1. TCPL targets Rs 1,000-cr but focus is on doing it the right way
I don’t really fancy targets, says Saket Kanoria, managing director of TCPL. “We are growing and we will continue to grow but not at the cost of creating problems for everyone.”
In this Sunday Column, Kanoria and son, Akshay tell why it’s important to be sustainable financially over a period of time.
2. Aaditya Kashyap thinks labellers should take their gloves off
At the Gallus Innovation Days 2018 in St Gallen, Switzerland, Kashyap discusses how to do the ‘label business’.
3. Why is Parksons Packaging investing?
The Daman plant is where Ramesh Kejriwal, chairman of Parksons Packaging, invested first in 1998. As business grew, in December 2001, he pumped more monies, this time in machinery. Since then, Kejriwal has added five more plants to the Parksons Packaging business, in the four regions of India.
4. Anti-dumping duty on paper import - and what printers say
Is the anti-dumping duty on import of paper damaging the Indian print industry?
The paper industry wants anti-dumping duty as imports surge by 40%. The printers’ body have said it is cartelisation and have cited random price hikes in the last five years.
In this Sunday Column, we publish the views of Anand Limaye and Vinod Kumar Jain, two top members of the All India Federation of Master Printers, on why they think the anti-dumping duty move will adversely impact the print
5. Pragati’s Calendar 2018/19: A testament of the times gone by
The PrintWeek India team unfailingly receives Pragati’s annual calendars. And this time, like in the previous years, Calendar 2018/19 – Analog bygones Digital icons showcased the best in printing and post-print works.
This year too, the “wow” factor stuns you. Plus, it provides a look at the real impact technology has on our living.
In this Sunday Column, Pragati’s director Harsha Paruchuri shares the process
6. Kerala floods: A nightmare for print
The live telecast from 16 to 20 August were horrifying, and remain etched in our minds. After the floods receded, there was relief. But not for long. The post-mortem of the Kerala floods have been brutal. The images from two of the prominent print firms in Ernakulam showed how the machines were submerged on the factory floor.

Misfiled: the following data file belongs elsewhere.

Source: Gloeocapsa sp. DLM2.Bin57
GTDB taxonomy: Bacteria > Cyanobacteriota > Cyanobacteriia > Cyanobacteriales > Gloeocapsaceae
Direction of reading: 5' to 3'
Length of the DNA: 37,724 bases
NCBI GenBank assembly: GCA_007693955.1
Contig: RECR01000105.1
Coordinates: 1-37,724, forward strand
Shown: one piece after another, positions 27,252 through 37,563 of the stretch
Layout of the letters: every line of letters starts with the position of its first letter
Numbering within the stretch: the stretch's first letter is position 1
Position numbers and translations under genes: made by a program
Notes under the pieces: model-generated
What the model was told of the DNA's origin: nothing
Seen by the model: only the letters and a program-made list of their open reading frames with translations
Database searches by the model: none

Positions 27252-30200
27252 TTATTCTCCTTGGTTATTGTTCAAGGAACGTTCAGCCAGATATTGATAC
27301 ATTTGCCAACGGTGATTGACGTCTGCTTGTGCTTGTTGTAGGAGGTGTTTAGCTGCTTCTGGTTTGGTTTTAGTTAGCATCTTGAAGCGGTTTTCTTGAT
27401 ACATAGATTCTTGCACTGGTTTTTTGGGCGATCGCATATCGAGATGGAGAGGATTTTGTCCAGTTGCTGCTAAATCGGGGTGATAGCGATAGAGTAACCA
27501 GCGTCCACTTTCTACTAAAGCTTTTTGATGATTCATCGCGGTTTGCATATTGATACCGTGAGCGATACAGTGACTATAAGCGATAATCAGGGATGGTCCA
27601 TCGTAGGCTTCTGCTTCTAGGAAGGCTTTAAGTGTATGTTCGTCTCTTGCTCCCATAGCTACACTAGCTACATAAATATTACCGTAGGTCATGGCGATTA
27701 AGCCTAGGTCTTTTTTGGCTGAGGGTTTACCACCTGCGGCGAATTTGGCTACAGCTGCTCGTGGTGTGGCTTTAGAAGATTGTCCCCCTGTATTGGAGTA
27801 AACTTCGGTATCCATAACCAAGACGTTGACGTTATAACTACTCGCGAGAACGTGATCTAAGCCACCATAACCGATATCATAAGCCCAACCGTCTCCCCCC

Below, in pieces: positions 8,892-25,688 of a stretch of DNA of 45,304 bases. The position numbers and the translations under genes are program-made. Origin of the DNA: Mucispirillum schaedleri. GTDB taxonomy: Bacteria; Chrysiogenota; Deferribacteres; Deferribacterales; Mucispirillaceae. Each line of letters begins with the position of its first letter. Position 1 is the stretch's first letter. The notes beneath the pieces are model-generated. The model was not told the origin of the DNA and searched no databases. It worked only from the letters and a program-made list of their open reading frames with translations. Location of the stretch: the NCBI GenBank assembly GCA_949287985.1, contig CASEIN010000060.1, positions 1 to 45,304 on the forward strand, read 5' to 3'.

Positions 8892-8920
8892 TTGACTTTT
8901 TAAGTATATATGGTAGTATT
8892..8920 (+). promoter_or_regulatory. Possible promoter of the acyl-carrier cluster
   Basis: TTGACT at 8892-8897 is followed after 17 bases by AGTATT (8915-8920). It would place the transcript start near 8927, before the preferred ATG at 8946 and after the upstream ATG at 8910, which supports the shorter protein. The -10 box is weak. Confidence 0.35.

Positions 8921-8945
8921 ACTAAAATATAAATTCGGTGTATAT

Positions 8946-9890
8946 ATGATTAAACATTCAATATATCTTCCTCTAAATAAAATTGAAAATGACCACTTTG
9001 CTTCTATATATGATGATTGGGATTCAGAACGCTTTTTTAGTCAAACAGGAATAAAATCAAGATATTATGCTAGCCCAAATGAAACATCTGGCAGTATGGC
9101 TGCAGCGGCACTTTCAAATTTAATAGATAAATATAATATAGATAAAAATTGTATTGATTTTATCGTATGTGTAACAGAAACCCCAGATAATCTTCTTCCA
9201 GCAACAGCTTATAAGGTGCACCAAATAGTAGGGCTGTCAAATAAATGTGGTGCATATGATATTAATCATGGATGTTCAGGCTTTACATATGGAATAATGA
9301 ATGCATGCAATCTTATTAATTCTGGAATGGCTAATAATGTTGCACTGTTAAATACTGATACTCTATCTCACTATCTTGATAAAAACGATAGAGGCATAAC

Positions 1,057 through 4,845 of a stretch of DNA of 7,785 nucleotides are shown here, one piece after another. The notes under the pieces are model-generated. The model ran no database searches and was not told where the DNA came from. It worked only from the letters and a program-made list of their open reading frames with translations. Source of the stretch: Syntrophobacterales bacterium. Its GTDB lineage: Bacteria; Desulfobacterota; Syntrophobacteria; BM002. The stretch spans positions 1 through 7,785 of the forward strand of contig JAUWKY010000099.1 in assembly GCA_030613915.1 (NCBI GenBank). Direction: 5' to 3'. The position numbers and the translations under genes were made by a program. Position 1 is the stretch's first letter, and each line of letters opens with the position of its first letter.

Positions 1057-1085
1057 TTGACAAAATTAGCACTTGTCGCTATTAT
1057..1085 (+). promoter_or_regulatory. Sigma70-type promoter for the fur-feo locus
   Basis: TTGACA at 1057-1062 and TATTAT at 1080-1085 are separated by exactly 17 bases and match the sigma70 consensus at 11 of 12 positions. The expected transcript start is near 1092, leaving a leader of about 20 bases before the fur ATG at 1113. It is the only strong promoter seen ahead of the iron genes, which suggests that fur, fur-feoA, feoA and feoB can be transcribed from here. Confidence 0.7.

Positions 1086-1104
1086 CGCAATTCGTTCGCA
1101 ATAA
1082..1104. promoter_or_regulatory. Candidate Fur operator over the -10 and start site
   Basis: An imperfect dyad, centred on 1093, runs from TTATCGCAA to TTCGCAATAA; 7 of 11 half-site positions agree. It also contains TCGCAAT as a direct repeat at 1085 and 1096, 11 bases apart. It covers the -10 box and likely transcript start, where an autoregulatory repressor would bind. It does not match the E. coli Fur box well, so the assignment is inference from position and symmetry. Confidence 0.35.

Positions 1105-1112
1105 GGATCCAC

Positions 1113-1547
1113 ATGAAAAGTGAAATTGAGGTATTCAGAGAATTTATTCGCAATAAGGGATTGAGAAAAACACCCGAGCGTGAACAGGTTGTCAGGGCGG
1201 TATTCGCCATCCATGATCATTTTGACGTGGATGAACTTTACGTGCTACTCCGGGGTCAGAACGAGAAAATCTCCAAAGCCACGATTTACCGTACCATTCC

The Sunday Column looks at the damage from flood-hit Kerala
7. Spotlight on inks in India - The Noel D'Cunha Sunday Column
The USD 6.5-bn is the annual sales for printing inks in the Asia-Pacific market. The Indian numbers are USD 830-million which translates into ink consumption of 232 million tonness and a CAGR growth of 8-9%.
In this Sunday Column, PrintWeek India takes a look at the top ink companies in India
8. RV Maheshwari: From canvasser to packaging major - The Noel D'Cunha Sunday Column
Stock-listed packaging firm Orient Press has delivered a strong share price performance, with robust operating gains supplemented by a slew of installations.
RV Maheshwari explains how the new deals will strengthen the company's competitive positioning in India. And how print and packaging offers opportunities to anyone who is prepared to put an effort into developing the business.
The Sunday Column focuses on how the Rs 230-crore turnover company has evolved over the years.
9. Award Offset in future mode
Nitin Shah, director of Mumbai-based Award Offset Printers & Packaging manages the privately held print company along with his brother Rajesh and nephew Krunal. His Rs 50-crore investment in infrastructure and print equipment is a pitch to transform his Navi Mumbai and Silvassa factories.
“At this time I may be investing more than required but my recurring expenses are going to be down in the later period. Productivity will increase. In the long run it is going to help us,” says Shah.
10. How some printers have a lot of fun
Six master printers and what they do when they are not minding their press.
All of us have hobbies. Some of us abandon these hobbies as we age or pretend to be busy.
But for some, these hobbies are the sum total of life. “It was sports in my teens. I loved horse-riding and cycling,” says Khushru Patel. Today he is a professional equestrian. “It’s very serious. I am 54 now, training to compete in nationals.”
In this Sunday Column, we share the madness of six masters